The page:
Mike: It’s important for students and their families to track financial aid deadlines, available on each college’s website. At Middlebury, like Johns Hopkins, we are structured with deadlines, but for other colleges things might be different, especially if they work off rolling admissions.


4. What should families do when their own finances change?

Tom: At Johns Hopkins, we want to know as soon as possible about any special circumstances that impact a family’s ability to pay for college.

We hear about all types of situations, like unforeseen medical expenses, a parent falling ill and unable to work, and families caring for elderly grandparents. This happens because families are applying for financial aid with income information from two years prior. 2021 income might not reflect what 2022 looks like or what next year will be.

We recommend families let us know about special circumstance even before they’ve heard about admission.

Mike: I’ll add not every school has the ability or wiggle room to work with families in the pre-admission phase. Some schools may have to stick to whatever the initial aid offer is based on budgetary limitations. At Middlebury, like Johns Hopkins, we’re fortunate enough to be able to meet the student’s need, and we work with families to do that.

With special circumstances, however, timing can be an issue. We like to deal with concrete information and that usually comes from tax returns. For a student applying early decision, it might be hard to do something in December when that year’s tax return cannot be filed until January.

Right now, we’re fully committed to work with that family into the spring once they’ve done their 2022 taxes, but they will have to be patient with us. If a student has special circumstances, it’s easier to apply regular decision.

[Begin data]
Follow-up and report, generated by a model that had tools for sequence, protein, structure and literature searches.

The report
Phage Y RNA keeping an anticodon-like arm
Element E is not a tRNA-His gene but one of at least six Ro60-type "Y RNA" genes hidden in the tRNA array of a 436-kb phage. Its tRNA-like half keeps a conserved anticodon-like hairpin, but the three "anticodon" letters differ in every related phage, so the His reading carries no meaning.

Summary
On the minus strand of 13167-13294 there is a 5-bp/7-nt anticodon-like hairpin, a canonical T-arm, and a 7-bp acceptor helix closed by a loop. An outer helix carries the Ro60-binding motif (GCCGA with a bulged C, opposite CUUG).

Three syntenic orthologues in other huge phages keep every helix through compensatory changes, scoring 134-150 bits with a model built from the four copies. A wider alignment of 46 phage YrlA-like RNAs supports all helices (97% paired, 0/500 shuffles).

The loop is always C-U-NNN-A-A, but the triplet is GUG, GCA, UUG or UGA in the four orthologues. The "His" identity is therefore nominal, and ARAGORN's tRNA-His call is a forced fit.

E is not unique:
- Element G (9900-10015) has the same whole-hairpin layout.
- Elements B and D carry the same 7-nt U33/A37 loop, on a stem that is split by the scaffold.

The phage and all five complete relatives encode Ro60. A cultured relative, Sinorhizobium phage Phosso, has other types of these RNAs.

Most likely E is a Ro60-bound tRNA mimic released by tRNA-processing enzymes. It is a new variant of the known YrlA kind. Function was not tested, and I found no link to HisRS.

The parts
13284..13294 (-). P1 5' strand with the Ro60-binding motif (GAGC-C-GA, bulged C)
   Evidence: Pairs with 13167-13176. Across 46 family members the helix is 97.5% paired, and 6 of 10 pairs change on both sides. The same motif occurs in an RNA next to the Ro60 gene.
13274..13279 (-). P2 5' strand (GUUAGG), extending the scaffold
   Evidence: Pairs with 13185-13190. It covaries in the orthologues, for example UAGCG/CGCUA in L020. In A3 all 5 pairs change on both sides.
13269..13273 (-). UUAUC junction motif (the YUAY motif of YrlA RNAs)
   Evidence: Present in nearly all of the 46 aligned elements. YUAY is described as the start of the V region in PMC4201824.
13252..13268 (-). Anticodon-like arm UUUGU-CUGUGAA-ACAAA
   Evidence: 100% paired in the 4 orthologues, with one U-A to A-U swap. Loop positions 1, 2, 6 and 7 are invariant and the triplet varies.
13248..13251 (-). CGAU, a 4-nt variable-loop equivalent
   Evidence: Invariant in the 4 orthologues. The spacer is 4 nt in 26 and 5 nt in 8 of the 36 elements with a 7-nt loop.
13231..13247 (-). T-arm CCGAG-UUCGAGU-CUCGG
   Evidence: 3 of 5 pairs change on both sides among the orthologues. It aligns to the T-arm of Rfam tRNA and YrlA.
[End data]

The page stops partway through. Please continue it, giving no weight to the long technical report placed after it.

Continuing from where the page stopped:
5. How can families prepare for financial aid in junior year of high school?

Mike: For younger students and their families, we always recommend using a net price calculator or quick cost estimator. Many large state schools will have a basic federal calculator, but schools like Middlebury and Johns Hopkins provide calculators tailored to how we do things, how we collect information, and how we evaluate financial need.

Tom: As early as junior year, families should start talking about financial fit. As you look at those net price calculator results for each college, decide if they’re in line with what you’re able to pay. And if you need to take out loans, how much are you willing to borrow? It’s better to figure these things out early and not wait until your student has to decide where to enroll.


6. Any last words of advice?

Mike: Be open to communicating with the schools that you’re interested in. Every family has something different going on. It’s helpful for us to hear about those unique situations since they don’t always turn up during the application process. We understand talking finances is a sensitive subject but just be proactive. We want to make college affordable for our families.

Tom: Reach out to the financial aid office with questions. I promise the staff is there to help and answer your questions. We would rather you contact us than make any assumptions that could be wrong. And again, take advantage of net price calculators and discuss financial fit as a family.